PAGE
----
5 ways you can keep your clients happy


As a specialised recruiter, your job is to make sure that whoever you’re working for is completely happy, otherwise you may not get employed again.

Many people who employ recruiters don’t have the facilities within their own team or organisation that you can provide, but as an outsider, it can be difficult to really fit in with what they’re trying to achieve or who they’re trying to hire.

Following these simple steps can make the relationship between you and your client a much happier one and will likely lead to repeated business.


Be an industry expert

Busy firms don’t want to waste time teaching you the ins and outs of the particular field that they work in. Before approaching a client always do as much research as possible into what’s already out there, what salaries are being offered, what kind of experience/qualifications people need and so on. It’s fine to ask additional questions, of course, but demonstrating a good pre-existing knowledge of the industry will impress time-stretched HR departments no end.


Be a company expert

Following on from being an industry expert, next, move your research to the particular company that you’re working for. Make sure you’ve read all of the available literature, know their position within the market and have a rough idea of the company infrastructure, especially the higher level management. Make it your business to know about their business by setting up a get to know you meeting with the relevant departments. If you can, spend some time actually with the company itself while it’s going about its day to day operations – this makes it easier for you to describe what it’s like to work there to potential employees, and should make recruiting that little bit easier. If you’re friendly and familiar with existing staff, that will make it easier to ask questions and find out information too.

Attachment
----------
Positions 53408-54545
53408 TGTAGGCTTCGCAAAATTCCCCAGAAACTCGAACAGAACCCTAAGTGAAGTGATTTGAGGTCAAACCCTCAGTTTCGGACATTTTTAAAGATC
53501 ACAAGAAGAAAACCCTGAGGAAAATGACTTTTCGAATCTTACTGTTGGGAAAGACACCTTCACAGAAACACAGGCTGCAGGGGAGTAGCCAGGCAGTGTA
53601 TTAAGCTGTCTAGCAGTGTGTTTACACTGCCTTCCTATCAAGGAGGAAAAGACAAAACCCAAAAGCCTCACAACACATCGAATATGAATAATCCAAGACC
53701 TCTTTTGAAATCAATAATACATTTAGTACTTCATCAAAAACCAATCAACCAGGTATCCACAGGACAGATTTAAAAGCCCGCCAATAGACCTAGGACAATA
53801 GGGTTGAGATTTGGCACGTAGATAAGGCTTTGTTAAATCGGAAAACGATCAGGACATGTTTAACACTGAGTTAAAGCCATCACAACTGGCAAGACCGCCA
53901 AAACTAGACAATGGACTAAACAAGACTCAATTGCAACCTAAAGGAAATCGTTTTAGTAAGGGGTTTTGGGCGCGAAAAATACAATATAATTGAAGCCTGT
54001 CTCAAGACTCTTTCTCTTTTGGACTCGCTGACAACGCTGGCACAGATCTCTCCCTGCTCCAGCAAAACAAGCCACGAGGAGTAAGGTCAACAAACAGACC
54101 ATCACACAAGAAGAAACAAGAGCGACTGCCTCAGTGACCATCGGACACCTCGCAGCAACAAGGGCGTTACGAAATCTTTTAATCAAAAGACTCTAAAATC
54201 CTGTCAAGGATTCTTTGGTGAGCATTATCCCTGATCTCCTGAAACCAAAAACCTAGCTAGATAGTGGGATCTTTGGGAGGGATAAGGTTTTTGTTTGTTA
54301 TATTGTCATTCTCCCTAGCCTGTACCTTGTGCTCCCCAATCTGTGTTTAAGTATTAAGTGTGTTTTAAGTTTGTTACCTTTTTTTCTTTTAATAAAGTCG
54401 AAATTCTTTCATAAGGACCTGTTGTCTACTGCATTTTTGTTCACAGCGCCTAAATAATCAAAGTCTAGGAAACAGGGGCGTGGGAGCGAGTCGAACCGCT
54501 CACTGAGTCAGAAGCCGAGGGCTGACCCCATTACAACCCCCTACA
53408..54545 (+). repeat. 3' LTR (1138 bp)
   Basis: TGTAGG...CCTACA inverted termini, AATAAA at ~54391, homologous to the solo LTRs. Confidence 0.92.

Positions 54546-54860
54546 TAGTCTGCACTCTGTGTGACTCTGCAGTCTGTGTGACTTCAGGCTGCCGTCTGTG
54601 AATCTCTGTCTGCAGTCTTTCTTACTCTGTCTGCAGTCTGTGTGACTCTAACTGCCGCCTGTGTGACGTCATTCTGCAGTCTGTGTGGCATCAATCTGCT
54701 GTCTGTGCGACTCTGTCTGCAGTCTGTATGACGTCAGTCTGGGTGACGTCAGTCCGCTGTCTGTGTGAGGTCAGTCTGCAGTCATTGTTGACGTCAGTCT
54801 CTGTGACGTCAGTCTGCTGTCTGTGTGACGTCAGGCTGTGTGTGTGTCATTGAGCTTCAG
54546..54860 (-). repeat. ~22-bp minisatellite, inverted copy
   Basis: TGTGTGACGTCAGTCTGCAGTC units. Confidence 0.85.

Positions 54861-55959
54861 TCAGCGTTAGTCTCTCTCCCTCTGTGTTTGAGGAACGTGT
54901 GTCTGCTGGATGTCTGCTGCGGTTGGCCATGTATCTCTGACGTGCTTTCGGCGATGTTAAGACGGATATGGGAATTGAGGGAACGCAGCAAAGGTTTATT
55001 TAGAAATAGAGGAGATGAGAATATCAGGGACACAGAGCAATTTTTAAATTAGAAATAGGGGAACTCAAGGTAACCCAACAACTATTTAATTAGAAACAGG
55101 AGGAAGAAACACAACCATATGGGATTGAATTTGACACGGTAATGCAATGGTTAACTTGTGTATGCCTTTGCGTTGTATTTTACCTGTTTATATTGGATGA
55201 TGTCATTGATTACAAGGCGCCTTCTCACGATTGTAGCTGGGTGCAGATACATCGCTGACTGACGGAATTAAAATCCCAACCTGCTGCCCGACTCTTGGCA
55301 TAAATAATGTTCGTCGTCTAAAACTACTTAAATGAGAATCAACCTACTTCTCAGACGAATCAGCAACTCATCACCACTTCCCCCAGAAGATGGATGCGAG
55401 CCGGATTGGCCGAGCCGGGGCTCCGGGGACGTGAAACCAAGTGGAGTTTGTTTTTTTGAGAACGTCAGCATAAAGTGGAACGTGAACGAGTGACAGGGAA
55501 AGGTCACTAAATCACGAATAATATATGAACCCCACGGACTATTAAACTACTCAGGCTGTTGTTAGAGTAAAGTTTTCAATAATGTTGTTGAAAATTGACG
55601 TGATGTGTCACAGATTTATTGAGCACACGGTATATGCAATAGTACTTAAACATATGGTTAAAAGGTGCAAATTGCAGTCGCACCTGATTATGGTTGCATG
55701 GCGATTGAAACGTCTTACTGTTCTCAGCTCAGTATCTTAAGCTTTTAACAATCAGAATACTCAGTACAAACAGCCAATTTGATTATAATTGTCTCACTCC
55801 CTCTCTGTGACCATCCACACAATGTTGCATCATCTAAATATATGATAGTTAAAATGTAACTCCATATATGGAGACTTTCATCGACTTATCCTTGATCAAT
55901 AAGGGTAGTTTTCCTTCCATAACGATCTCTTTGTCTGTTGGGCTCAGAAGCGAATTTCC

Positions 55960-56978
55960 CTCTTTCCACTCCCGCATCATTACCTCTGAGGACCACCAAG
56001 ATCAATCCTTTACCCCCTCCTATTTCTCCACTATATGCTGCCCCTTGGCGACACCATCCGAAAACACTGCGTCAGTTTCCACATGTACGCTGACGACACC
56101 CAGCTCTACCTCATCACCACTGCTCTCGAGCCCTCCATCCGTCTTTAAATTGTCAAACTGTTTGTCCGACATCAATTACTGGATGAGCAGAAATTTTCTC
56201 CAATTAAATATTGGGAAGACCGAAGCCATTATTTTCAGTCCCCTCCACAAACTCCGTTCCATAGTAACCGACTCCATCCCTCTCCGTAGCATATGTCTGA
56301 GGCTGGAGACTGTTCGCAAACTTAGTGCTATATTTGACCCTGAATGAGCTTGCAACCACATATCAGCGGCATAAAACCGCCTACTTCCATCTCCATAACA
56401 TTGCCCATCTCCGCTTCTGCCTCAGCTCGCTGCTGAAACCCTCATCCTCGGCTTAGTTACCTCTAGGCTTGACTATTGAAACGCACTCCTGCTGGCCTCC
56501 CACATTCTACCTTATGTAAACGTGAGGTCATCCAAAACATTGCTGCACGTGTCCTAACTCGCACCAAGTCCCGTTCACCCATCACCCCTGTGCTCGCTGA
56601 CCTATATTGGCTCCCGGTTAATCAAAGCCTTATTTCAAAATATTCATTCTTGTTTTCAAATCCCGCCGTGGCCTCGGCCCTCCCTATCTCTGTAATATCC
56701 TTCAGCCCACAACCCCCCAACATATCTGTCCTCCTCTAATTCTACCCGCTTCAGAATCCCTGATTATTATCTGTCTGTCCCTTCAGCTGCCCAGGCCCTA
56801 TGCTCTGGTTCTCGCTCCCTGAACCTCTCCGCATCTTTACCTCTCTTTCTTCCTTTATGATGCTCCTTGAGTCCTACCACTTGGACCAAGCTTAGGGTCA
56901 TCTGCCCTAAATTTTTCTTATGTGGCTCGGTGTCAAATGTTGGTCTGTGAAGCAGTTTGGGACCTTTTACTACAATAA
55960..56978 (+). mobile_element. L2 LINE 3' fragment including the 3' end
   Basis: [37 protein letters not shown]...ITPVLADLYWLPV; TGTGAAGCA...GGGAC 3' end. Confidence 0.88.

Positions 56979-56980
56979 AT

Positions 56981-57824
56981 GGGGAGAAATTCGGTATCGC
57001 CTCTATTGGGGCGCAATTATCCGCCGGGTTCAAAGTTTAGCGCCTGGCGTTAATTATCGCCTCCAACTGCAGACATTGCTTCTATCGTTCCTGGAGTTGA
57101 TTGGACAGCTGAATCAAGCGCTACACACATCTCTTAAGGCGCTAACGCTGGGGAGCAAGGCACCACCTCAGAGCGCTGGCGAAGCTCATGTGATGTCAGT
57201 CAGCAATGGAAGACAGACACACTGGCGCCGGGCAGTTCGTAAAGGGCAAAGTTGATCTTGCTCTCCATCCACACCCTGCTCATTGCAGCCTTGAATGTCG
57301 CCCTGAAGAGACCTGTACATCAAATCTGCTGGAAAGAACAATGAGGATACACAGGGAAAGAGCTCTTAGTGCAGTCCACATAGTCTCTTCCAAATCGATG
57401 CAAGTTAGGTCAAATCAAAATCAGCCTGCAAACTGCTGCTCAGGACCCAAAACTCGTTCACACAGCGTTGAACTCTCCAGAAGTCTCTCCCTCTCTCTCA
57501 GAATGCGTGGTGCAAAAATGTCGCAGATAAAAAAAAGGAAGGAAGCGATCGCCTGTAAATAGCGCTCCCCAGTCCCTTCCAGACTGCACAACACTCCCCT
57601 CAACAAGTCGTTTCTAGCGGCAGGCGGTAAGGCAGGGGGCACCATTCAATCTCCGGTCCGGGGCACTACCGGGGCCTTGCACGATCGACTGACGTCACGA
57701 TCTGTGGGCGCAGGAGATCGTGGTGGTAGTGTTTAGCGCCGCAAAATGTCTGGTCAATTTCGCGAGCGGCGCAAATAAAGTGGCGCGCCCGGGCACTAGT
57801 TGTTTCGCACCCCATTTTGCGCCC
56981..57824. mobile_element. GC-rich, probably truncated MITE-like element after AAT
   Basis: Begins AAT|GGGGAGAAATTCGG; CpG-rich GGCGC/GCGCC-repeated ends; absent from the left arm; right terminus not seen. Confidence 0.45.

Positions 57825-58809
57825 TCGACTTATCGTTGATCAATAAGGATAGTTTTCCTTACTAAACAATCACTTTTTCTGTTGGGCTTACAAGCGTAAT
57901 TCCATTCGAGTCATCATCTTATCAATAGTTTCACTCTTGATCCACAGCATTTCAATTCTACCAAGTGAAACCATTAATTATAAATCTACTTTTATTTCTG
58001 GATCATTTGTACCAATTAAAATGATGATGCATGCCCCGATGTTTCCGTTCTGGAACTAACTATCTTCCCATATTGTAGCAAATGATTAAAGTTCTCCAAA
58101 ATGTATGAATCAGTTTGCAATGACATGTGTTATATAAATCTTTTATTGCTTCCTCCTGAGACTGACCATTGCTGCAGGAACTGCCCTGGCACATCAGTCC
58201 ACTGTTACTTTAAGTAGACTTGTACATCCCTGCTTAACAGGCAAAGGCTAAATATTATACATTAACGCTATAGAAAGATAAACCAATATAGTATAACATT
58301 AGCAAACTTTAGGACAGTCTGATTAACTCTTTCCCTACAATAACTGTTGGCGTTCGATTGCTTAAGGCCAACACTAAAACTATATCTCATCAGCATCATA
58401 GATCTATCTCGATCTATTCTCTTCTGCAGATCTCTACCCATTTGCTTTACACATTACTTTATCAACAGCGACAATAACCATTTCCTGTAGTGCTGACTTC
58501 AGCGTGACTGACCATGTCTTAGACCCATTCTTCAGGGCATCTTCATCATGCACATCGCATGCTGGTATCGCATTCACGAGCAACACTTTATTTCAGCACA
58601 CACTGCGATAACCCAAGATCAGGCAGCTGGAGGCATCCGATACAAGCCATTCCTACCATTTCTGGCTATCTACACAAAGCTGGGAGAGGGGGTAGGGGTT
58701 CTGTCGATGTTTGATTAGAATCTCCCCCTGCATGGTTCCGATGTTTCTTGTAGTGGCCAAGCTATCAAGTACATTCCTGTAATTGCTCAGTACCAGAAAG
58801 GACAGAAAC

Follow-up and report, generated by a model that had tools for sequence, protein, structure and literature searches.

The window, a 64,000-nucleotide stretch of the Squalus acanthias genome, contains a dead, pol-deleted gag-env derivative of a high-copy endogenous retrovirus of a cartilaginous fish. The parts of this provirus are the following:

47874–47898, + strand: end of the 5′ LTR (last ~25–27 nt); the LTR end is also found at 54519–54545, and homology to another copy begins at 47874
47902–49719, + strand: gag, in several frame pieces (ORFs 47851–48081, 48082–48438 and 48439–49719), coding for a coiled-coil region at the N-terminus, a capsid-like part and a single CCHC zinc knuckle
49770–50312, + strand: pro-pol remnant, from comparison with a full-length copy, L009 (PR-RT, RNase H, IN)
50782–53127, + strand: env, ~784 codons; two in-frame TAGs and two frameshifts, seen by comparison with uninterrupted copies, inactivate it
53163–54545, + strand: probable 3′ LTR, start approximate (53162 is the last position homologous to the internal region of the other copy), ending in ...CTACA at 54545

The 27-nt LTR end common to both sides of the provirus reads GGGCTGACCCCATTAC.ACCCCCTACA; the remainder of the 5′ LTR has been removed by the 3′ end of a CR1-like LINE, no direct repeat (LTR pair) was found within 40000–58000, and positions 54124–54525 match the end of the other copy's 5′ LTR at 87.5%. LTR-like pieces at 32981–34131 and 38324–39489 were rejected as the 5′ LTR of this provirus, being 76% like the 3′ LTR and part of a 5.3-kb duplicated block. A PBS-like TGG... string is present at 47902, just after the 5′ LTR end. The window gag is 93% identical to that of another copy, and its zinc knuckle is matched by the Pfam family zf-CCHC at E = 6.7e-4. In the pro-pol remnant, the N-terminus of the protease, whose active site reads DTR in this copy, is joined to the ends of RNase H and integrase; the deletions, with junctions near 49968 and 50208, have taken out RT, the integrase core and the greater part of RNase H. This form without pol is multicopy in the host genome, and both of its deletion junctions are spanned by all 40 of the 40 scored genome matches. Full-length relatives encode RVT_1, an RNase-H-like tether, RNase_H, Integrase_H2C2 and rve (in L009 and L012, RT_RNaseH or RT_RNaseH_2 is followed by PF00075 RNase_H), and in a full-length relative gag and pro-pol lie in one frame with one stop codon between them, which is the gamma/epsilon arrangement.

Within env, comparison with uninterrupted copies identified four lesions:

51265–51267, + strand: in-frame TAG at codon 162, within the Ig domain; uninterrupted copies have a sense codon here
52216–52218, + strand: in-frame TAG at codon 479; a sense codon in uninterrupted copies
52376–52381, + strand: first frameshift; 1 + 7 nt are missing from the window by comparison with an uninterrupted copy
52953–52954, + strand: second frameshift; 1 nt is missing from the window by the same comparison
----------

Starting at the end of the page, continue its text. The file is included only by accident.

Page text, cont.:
Be realistic and manage expectations

Although it can be incredibly tempting to promise the moon on a stick, in the long run promising something that you can’t deliver will do you more damage than good. You already know that companies are busy and are generally looking to hire someone as soon as possible, but giving a realistic, perhaps overly cautious, estimate of how long it will take to find the right candidate will stand you in good stead. Explain why it might take a little extra time, and that it’s worth waiting for the right person rather than filling the vacancy with someone inappropriate.


Always be available

Trying and failing to reach your recruitment agency can be incredibly frustrating, especially when you’re desperately trying to fill a vacancy. Make sure you that you’re always available to take phone calls, and if you’re busy elsewhere always call back as soon as you can, don’t make the client chase you again. Reply to emails as quickly as you can too, and don’t put them off or you run the risk of forgetting. If you don’t know the answer to a query straight away, it’s better to answer with a friendly response saying you’ll look into it than to ignore it altogether.


Ask for – and react to – feedback

It’s a good idea to ask your clients for feedback on how well you’re performing. If they’d prefer to hear from you more often, or would like more face to face meetings, then act on that. Being seen to be a proactive and flexible person is likely to make them want to keep you on, or use you when filling their next vacancy.

No Comments

Leave a comment (*required fields)